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Interracial love, religious cults, hi-so culture (Thai high society) and an appetite for raw offal enrich and distract Thai auteur Pen-ek Rataranuang’s classic noir about a marriage turned murderous. Mystery and danger percolate in “Samui Song” all the way till the elliptical ending, which leaves audiences with a sense of lingering disquiet. However, there’s a certain spark missing both from the characters and the overall muffled tone. Heading to Toronto after opening the Venice Days section, the film should pique buyer interest based on the enduring popularity of the writer-director’s mid-career work, “Last Life in the Universe” and “Invisible Waves.”
Viyada (Chermarn “Ploy” Boonyasak), or “Vi” for short, is hitting a snag in her professional and marital lives. A daytime soap opera queen who specializes in playing super-bitches, she longs in vain for an arthouse project to give her an image makeover. Her French millionaire husband Jerome Beaufoy (French visual artist Stéphane Sednaoui) is »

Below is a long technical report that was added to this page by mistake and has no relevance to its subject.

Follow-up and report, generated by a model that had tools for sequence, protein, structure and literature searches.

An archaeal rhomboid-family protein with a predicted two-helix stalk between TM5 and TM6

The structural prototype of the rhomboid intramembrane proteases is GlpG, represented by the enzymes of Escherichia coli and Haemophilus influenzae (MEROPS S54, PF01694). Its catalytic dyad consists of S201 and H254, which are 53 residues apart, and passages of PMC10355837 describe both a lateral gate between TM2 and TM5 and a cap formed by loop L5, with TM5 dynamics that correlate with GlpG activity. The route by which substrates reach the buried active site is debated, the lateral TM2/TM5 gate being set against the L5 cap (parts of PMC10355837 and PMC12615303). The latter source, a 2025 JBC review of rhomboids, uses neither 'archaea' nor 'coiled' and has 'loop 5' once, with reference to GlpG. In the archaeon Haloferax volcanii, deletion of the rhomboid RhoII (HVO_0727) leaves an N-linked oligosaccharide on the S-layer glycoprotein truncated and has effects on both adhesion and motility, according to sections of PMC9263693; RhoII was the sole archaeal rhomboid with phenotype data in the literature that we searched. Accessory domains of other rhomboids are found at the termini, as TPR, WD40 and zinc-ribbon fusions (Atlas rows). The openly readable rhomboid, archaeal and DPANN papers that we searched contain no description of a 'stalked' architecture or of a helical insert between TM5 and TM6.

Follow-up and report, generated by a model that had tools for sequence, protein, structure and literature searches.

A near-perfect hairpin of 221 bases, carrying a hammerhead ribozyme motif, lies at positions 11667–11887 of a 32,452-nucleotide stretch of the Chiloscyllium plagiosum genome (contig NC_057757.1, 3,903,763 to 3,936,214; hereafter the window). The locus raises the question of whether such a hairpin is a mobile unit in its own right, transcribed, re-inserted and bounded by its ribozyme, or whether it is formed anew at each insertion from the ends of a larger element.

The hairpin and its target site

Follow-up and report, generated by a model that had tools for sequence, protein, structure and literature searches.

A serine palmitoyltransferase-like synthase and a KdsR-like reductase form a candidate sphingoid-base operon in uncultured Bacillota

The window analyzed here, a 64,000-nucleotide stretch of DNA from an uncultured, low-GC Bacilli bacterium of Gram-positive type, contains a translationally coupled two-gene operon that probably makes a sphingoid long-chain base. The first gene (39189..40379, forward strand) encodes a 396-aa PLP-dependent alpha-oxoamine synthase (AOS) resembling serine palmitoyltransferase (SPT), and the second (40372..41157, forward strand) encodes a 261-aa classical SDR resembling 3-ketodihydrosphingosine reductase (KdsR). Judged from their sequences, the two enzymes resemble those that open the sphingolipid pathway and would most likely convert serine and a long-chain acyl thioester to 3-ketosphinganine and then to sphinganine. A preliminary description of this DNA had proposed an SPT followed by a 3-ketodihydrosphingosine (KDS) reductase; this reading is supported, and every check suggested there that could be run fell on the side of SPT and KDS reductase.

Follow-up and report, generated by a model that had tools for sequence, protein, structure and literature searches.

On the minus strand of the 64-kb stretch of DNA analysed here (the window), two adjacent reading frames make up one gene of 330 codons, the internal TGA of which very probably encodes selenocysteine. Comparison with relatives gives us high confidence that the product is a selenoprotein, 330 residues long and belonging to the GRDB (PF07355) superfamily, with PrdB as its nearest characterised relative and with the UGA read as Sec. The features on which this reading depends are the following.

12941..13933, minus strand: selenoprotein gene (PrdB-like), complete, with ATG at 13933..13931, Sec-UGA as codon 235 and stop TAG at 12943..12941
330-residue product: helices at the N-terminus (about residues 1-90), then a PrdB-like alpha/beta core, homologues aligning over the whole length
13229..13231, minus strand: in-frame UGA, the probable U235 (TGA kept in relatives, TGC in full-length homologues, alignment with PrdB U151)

- Maggie Lee
The Toronto International Film Festival kicks off this week, and with it, the rest of a very busy fall festival season. In preparation for the lauded festival, we’ve hand-picked 20 films we can’t wait to see, from the starriest of premieres to the most unexpected of offerings. Check them out below.
Darren Aronofsky has veered off in many unpredictable directions over the years, but at his core, he’s a master at subverting the horror/thriller genres: From “Pi” to “Black Swan,” the filmmaker excels at taking his stories in creepy, unpredictable directions in which it’s hard to tell how much we can believe onscreen — and whether his characters have lost their minds. That mode certainly seems to be in play for “mother!”, which appears to be a “Rosemary’s Baby”-like tale of a married couple (Jennifer Laurence and Javier Bardem) whose home is infiltrated by »